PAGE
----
I read a lot of comic books as a kid. This series of posts is about the comics I read, and, occasionally, the comics that I should have read.
As I occasionally must, I’ll note that this entry abuses the accuracy of the term “youth.” As recounted at great length elsewhere, I tried at various times to kick the comic book habit, always finding excuses to keep buying monthly adventures, usually based on seeing one particular series through to the end. I also had a few enablers during this time, those who, always in acts of kindness, put into my anxious hands the very periodicals I was trying to avoid. When your barfly buddy is trying to dial back consumption levels, you still might be tempted to buy him a drink. It’s nice to have company at the end of the bar, after all. One such enabler was my old movie reviewing cohort. He knew I had a helpless affection for Marvel’s First Family, so when Fantastic Four was suddenly, shockingly good again after a particularly dreadful patch, he made a point of gifting me the issues in question.
This was in the latter half of the nineteen-nineties, when Marvel Comics was making egregious decisions with such consistency that the company was driven into bankruptcy. A chief plan to reversing their flagging fortunes involved recruiting creators Rob Liefeld and Jim Lee, enormous fan favorites at Marvel a few years earlier who’d fled to help form Image Comics, to relaunch key titles. Fantastic Four was turned over to Lee, resulting in some truly hideous–looking comics. Branded “Heroes Reborn,” these eyesores were enough to convince me that I never needed to revisit the characters that I’d once considered my clear favorite. I stand by my instinctual aversion and even the sense of near-betrayal I felt, but I also should have remembered that all things can be mended in the comic book universe. After Lee’s tenure was complete, Marvel once again relaunched the series with a new #1 (a tiresome conceit that was just starting to infect the comics publishing world then). As should always be the case with a Fantastic Four #1, it had the Mole Man in it.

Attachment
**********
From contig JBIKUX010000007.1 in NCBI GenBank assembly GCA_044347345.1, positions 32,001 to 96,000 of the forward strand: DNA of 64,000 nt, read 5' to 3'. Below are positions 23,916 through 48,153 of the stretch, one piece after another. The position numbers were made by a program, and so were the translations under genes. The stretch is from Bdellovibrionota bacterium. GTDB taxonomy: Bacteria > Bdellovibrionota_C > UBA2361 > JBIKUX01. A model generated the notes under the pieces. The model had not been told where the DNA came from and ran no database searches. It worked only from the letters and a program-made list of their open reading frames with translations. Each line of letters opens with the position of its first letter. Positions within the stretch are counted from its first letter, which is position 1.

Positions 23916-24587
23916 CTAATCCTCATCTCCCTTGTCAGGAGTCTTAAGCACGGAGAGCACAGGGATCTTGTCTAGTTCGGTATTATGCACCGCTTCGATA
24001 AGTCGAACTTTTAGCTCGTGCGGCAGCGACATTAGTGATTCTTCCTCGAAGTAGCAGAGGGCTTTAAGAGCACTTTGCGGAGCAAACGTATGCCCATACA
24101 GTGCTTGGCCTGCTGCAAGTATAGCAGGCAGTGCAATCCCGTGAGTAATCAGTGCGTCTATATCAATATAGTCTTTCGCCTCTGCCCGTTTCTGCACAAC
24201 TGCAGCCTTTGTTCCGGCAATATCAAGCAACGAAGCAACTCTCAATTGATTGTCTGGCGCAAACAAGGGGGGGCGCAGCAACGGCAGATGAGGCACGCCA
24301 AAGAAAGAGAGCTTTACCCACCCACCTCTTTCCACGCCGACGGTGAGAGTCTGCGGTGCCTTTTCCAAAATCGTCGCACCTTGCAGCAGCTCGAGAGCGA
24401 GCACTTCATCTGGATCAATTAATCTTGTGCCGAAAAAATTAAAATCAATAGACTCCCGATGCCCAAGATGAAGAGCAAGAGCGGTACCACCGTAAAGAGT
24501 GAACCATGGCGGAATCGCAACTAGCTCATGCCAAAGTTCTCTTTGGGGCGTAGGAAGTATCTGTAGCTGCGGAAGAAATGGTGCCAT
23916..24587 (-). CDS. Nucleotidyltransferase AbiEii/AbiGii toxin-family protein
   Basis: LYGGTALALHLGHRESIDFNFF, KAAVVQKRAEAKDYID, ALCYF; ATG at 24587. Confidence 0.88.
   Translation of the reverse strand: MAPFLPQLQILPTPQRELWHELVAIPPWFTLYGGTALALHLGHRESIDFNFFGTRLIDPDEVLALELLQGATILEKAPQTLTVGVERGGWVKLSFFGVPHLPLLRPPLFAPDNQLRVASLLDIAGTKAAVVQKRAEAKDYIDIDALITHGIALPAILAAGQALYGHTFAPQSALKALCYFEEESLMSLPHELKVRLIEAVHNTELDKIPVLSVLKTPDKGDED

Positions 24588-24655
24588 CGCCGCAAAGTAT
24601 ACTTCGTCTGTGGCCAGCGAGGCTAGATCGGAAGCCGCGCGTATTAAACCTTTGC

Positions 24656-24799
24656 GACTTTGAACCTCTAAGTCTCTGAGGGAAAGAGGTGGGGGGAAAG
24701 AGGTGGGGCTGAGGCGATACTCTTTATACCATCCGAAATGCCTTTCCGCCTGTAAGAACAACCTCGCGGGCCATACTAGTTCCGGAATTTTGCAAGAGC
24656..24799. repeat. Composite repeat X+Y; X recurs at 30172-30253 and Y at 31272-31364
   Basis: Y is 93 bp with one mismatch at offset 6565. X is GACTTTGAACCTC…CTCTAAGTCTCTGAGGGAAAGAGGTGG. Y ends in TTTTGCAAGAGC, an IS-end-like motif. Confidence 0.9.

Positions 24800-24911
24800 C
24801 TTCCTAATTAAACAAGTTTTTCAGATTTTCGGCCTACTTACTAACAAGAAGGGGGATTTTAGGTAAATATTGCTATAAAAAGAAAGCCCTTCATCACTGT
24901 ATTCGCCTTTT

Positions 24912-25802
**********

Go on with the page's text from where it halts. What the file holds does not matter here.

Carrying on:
The writing chores were given to Scott Lobdell and the art was handled by Alan Davis. Right off the bat, they seemed to declare their own animosity towards the version of Fantastic Four that immediately preceded their run. It wasn’t quite the full-on announcement of back-to-the-basics storytelling that distinguished the beginning of writer-artist John Byrne’s justly lauded run on the title, but it was close. In the writing, Lobdell did everything he could to highlight the difference in his approach to that of Lee and his collaborators, including some meta commentary on the whole “Heroes Reborn” concept.
Occasionally, Lobdell was even more pointed, calling attention to the tendency, woefully present in the nineteen-nineties to feverish update ever character design, usually by loading down the characters with ludicrous futuristic guns and bazookas that made it look like they were strapping fully armed kayaks to their shoulders. As far as the new creative team was concerned, these characters had endured through the years for a reason.
The on-target knocks against previous caretakers of the Fantastic Four were satisfying and welcome. If that were all Lobdell had to offer, though, it still wouldn’t have been much of series. Instead, the writer consistently displayed a keen understanding of what made the Fantastic Four work as a concept: taking wildly fantastical adventures (especially the presentation boundless imagination as exuberant future-science) and grounding them in acutely observed family dynamics. Three of the four teammates officially shared a family tree, but even the fourth, the ever-lovin’ blue-eyed Thing, was clearly integrated into the bickering affection that was recognizable to anyone who’s, say, reunited with siblings and parents over the holidays. These characters liked each other, loved each other, needed each other. Throwing a super-villain with a clever scheme against them was undoubtedly useful to building a strong story, but the true necessity is in getting their voices right. Lobdell did that wonderfully, aided by the expressive art of Davis.